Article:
Protoplanetary disks in the hostile environment of Carina

Mesa-Delgado, A.; Zapata, L.; Henney, W. J.; Puzia, T. H. and Tsamis, Y. G. (2016). Protoplanetary disks in the hostile environment of Carina. The Astrophysical Journal, 825(1), article no. L16.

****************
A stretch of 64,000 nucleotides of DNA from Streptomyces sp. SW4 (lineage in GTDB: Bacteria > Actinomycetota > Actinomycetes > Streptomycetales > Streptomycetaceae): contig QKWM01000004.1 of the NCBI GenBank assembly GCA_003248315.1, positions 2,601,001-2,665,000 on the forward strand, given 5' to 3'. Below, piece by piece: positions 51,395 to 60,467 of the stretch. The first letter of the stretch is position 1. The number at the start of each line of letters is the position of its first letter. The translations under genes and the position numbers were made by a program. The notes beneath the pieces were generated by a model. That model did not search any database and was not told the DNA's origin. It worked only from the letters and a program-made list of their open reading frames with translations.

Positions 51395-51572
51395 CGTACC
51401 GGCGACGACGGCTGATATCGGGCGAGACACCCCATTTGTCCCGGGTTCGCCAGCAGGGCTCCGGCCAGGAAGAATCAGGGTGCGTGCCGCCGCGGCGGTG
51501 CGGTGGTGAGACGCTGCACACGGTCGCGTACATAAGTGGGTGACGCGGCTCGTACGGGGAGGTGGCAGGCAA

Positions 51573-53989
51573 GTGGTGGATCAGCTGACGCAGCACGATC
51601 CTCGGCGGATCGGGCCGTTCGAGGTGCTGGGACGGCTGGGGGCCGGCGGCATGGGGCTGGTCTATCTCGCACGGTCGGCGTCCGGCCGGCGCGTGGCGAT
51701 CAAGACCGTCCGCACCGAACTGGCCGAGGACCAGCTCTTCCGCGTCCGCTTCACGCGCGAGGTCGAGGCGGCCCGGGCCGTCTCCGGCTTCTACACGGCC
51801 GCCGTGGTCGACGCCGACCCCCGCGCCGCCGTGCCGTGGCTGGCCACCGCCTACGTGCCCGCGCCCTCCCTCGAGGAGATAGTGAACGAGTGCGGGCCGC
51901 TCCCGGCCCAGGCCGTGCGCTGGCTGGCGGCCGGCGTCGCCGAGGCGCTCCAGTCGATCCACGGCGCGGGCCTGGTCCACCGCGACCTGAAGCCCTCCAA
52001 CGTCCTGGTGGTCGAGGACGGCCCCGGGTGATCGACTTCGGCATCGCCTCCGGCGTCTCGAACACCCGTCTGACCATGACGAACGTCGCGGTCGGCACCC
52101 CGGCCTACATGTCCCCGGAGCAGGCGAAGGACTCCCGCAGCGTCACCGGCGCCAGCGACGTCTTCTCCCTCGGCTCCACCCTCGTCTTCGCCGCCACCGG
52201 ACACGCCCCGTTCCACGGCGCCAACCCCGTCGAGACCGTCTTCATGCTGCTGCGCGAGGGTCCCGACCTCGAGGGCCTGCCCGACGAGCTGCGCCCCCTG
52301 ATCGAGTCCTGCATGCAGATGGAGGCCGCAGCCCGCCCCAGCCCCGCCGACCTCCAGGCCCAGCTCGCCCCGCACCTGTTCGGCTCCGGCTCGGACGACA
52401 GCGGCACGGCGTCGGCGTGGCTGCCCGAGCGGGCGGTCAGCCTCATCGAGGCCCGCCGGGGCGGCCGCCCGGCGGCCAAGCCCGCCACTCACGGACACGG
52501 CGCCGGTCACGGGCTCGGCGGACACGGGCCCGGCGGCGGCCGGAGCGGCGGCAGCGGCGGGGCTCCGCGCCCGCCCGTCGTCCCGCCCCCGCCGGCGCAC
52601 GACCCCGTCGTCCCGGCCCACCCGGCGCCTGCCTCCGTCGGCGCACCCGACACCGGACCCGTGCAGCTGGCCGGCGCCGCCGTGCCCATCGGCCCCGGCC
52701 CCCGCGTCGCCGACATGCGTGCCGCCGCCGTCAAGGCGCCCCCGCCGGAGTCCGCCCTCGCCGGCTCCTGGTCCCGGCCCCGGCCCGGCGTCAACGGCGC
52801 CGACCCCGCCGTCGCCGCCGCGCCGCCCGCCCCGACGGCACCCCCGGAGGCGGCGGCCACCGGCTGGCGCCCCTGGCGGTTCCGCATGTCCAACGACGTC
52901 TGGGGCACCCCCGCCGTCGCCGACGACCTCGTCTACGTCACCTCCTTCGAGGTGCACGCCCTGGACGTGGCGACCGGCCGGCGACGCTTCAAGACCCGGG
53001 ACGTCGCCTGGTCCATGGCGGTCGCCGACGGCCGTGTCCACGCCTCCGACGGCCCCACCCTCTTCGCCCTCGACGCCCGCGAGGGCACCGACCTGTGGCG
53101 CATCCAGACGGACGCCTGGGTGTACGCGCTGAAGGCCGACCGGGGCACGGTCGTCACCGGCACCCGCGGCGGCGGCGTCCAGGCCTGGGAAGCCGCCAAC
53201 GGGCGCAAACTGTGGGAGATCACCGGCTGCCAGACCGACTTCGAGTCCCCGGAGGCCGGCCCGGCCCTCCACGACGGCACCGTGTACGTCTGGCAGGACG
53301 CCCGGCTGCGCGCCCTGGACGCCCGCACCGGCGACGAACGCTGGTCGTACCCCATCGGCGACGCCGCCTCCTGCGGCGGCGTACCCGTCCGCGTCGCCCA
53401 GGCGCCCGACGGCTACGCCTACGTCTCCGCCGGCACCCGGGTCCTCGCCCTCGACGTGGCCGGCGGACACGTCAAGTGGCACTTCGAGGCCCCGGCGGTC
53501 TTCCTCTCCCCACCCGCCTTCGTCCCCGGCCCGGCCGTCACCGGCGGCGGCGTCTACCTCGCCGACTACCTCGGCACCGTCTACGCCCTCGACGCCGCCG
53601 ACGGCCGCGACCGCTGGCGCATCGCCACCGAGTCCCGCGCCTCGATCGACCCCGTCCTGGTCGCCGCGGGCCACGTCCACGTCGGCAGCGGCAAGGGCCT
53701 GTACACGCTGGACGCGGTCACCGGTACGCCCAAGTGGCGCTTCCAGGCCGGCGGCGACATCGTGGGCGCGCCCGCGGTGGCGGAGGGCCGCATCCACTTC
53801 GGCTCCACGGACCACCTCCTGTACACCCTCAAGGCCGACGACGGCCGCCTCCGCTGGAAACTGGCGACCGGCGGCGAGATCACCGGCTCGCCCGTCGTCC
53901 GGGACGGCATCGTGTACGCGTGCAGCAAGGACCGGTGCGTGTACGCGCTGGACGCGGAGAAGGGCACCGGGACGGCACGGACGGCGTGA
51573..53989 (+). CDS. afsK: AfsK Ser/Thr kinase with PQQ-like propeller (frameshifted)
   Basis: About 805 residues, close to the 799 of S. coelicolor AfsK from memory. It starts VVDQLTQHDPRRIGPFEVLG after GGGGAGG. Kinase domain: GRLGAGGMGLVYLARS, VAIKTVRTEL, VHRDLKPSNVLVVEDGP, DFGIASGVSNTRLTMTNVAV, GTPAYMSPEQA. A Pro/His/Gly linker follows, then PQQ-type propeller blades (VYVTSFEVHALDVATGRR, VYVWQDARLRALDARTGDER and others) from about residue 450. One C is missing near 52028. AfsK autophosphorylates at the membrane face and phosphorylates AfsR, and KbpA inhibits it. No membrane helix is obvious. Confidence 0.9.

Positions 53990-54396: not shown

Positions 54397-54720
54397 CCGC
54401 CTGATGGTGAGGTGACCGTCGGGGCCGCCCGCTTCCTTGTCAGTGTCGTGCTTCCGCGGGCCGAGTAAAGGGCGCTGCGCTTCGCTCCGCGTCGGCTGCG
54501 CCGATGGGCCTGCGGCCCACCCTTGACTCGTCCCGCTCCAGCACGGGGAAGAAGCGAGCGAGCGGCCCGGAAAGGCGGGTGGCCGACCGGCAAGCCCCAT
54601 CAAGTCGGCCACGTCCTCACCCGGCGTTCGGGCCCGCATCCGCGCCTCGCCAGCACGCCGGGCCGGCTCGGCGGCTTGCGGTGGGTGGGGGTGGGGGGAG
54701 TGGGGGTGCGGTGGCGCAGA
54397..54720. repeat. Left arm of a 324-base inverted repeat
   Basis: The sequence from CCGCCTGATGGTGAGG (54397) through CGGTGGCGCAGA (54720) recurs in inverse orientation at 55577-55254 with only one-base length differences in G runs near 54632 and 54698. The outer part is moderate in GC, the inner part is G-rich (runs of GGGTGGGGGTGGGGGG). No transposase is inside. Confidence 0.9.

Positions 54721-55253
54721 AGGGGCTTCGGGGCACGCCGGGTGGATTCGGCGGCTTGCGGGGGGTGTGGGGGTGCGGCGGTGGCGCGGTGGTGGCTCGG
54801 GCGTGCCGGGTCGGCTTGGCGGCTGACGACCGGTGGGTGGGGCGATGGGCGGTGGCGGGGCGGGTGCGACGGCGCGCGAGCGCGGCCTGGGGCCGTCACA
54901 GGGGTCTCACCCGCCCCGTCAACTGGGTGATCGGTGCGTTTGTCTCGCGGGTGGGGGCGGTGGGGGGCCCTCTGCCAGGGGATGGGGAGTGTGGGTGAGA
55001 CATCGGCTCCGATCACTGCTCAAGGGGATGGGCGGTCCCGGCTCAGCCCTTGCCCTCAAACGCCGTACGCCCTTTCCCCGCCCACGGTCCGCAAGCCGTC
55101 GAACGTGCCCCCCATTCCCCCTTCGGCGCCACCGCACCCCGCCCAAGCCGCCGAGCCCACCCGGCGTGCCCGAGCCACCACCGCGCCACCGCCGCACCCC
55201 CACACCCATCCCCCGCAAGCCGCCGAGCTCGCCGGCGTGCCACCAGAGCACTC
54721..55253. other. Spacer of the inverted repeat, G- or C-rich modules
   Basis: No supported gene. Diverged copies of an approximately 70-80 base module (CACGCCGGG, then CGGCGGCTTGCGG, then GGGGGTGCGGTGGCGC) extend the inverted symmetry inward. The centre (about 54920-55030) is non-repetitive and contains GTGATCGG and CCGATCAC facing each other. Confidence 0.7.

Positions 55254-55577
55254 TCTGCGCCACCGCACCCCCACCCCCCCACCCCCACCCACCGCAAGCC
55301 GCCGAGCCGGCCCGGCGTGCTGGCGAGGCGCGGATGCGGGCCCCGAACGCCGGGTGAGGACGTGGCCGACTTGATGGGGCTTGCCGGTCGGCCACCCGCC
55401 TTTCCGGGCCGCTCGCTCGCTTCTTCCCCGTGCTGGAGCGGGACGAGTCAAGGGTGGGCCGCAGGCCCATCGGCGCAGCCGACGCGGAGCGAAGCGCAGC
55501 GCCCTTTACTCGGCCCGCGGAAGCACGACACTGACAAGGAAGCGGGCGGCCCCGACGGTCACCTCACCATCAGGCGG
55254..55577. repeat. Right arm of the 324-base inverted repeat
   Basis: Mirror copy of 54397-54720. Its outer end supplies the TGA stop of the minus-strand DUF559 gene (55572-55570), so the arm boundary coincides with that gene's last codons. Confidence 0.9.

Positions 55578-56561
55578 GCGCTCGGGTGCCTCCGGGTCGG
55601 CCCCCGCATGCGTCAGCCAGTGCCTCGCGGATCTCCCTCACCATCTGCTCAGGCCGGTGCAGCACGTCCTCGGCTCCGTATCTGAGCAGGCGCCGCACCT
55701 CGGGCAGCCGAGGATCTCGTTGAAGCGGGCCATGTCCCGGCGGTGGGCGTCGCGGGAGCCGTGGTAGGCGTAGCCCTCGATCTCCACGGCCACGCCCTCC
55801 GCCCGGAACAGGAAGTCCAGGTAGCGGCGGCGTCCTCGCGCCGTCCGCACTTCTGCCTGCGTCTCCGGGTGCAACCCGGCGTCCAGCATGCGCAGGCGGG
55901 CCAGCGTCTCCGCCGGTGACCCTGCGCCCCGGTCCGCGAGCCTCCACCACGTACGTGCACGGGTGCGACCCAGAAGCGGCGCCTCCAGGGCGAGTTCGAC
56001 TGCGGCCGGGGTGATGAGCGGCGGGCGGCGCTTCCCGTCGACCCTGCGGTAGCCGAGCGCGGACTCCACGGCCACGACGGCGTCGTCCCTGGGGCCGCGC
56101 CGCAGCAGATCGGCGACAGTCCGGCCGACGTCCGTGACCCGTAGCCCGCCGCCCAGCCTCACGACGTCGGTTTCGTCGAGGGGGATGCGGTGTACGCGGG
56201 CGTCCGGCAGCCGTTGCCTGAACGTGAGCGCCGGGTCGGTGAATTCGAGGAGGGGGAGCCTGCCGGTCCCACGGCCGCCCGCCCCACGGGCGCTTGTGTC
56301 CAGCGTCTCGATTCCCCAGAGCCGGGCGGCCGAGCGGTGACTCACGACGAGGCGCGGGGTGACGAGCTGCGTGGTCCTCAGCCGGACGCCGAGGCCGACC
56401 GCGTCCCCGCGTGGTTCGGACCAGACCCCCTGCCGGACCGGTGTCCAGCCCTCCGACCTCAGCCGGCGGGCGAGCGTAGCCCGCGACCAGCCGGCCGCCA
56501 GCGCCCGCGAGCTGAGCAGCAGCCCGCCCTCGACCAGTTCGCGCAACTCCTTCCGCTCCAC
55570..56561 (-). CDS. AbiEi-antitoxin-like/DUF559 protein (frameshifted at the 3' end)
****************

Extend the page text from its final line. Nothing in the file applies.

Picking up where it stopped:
We report the first direct imaging of protoplanetary disks in the star-forming region of Carina, the most distant massive cluster in which disks have been imaged. Using the Atacama Large Millimeter/sub-millimeter Array (ALMA), the disks are observed around two young stellar objects (YSOs) that are embedded inside evaporating gaseous globules and exhibit jet activity. The disks have an average radius of 60 au and total masses of 30 and 50 ${M}_{\mathrm{Jup}}$. Given the measured masses, the minimum timescale required for planet formation (~1–2 Myr) and the average age of the Carina population (~1–4 Myr), it is plausible that young planets are present or their formation is currently ongoing in these disks. The non-detection of millimeter emission above the 4σ threshold ($\sim 7{M}_{\mathrm{Jup}}$) in the core of the massive cluster Trumpler 14, an area containing previously identified proplyd candidates, suggests evidence for rapid photo-evaporative disk destruction in the cluster's harsh radiation field. This would prevent the formation of giant gas planets in disks located in the cores of Carina's dense subclusters, whereas the majority of YSO disks in the wider Carina region remain unaffected by external photoevaporation.

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